Mobile credit card devices can offer the same functions as a traditional, in-store terminal, while offering you added flexibility. For example, your smartphone or tablet can be turned into a mobile credit card reader, as long as you have a Wi-Fi connection. You can either key in the payment information or you can purchase a mini-reader that plugs into your phone or tablet.

Virtual terminal.

A virtual terminal can exist on your website (such as on your ecommerce page), be accessed through a smartphone app, or on your desktop computer or laptop. With a virtual terminal, either you or the customer can enter the payment information. For example, think about online shopping. When you, as the consumer, check out, you enter your payment information and your shipping information to complete your purchase.

Integrated POS.

Your point of sale system (POS) can also include a credit card terminal, along with a monitor, tablet, cash drawer, and receipt printer, among other features. Think of your POS as the hub of your business. Your POS system allows you to process transactions while also handling several back-office tasks, such as customer, employee, and inventory management. The right POS system should be able to generate real-time reports and analytics for you, giving you easy-to-understand insights into your business. The credit card machine serves as one cog (albeit a vital cog) in this wheel.

Are credit card machines safe?

Although online and mobile payments allow for more convenience and flexibility, with the rise of credit and debit card use, fraud and theft also increased. For example, in 2018, credit card fraud hovered around $6.4 billion. This figure included both identity theft and the skimming of credit card numbers.

The security of your customer’s financial information is paramount to the success of your business. For any merchant that accepts credit or debit card payments, the business must comply with the Payment Card Industry Data Security Standard (PCI DSS). The PCI DSS was created by the Payment Card Industry Security Standards Council (PCI SSC), which was launched in 2006 by the major credit card providers, including Mastercard, Visa, American Express, Discover, and JCB. When shopping for a credit card terminal and processor, make sure to ask about PCI compliance.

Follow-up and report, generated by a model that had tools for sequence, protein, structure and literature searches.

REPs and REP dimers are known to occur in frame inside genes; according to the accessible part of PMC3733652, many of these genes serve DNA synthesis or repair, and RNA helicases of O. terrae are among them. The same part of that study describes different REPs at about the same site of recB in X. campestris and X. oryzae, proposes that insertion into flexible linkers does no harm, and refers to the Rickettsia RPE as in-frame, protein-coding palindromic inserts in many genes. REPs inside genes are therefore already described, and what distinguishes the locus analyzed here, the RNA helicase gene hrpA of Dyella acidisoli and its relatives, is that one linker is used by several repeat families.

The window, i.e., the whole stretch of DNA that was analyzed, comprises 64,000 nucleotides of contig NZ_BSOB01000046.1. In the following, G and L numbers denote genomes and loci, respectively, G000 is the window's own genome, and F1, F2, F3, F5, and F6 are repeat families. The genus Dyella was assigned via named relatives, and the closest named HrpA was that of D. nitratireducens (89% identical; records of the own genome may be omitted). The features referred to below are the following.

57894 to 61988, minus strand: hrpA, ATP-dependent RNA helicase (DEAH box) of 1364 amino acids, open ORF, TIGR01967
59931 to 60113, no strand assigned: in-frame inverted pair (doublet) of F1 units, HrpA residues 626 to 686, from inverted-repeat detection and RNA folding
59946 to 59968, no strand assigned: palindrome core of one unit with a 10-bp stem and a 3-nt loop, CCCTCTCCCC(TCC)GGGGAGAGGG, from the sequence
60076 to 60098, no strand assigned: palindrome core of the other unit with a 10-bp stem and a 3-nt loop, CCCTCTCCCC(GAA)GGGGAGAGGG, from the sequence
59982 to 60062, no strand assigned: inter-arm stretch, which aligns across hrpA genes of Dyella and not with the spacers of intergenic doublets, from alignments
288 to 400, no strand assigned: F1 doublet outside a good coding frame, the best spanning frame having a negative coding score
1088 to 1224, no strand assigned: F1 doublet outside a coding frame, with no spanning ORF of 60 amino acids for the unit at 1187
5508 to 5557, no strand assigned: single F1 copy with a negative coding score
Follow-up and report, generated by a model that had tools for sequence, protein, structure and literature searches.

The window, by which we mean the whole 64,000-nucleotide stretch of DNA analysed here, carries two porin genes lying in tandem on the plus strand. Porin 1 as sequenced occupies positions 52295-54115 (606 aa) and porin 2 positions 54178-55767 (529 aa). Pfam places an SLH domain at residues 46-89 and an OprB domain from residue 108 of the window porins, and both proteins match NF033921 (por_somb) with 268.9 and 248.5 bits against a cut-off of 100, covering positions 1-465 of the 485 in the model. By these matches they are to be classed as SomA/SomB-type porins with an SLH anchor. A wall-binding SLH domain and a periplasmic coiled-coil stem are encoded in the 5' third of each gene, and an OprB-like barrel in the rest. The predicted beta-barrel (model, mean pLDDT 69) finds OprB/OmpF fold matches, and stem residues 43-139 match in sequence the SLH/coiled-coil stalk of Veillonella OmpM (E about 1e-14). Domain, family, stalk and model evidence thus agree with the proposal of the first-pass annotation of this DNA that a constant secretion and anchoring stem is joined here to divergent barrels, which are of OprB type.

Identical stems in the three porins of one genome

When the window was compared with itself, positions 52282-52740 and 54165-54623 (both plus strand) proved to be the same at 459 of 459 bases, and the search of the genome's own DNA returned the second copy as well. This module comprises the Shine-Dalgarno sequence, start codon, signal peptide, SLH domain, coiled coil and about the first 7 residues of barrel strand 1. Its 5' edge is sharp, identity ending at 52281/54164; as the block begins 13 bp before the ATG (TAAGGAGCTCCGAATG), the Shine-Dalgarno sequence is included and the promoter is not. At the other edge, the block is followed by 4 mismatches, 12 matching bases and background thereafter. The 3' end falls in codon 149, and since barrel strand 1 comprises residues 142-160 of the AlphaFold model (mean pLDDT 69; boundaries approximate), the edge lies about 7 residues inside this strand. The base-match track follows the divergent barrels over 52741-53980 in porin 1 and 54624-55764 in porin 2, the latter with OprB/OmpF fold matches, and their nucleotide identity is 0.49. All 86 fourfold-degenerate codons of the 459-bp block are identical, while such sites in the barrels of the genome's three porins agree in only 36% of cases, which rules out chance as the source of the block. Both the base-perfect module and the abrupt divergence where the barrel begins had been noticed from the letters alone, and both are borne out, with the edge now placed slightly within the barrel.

How to choose the right credit card machine for your business.

Offering a secure credit card processing system is critical to the success of your business. By teaming up with an experienced, reputable processing partner, you can be confident that you’re offering your customers convenient, flexible, and secure payments, boosting your reputation as well as your customers’ experience.

When searching for a credit card processing provider, be sure to ask the following questions:

  • What types of payments do you accept?
  • What equipment is needed? If, for example, you operate an online store, your setup may be different than that required in a brick-and-mortar business.
  • Do you offer 24/7 customer service? What about training?
  • Does the payment processing system integrate with your other technological platforms, such as inventory or bookkeeping software?
  • Do you provide reports on our sales, giving us insight into our business?
  • Do you offer additional services that will help our business grow?

At North American Bancard, we partner with merchants of all types and sizes, helping them grow their businesses. We can help guide you through the setup of your payment processing for your brick-and-mortar or online store. We have the technology you need to adapt to consumer behaviors by accepting payments in the modern world, providing you with seamless integration and low fees. We’ll help you tailor your payment processing system to your specific business, giving you peace of mind. To set up a consultation, contact us here or give us a call at 877.840.1952.

Contact NAB today and see how easy it is to get the merchant services you deserve.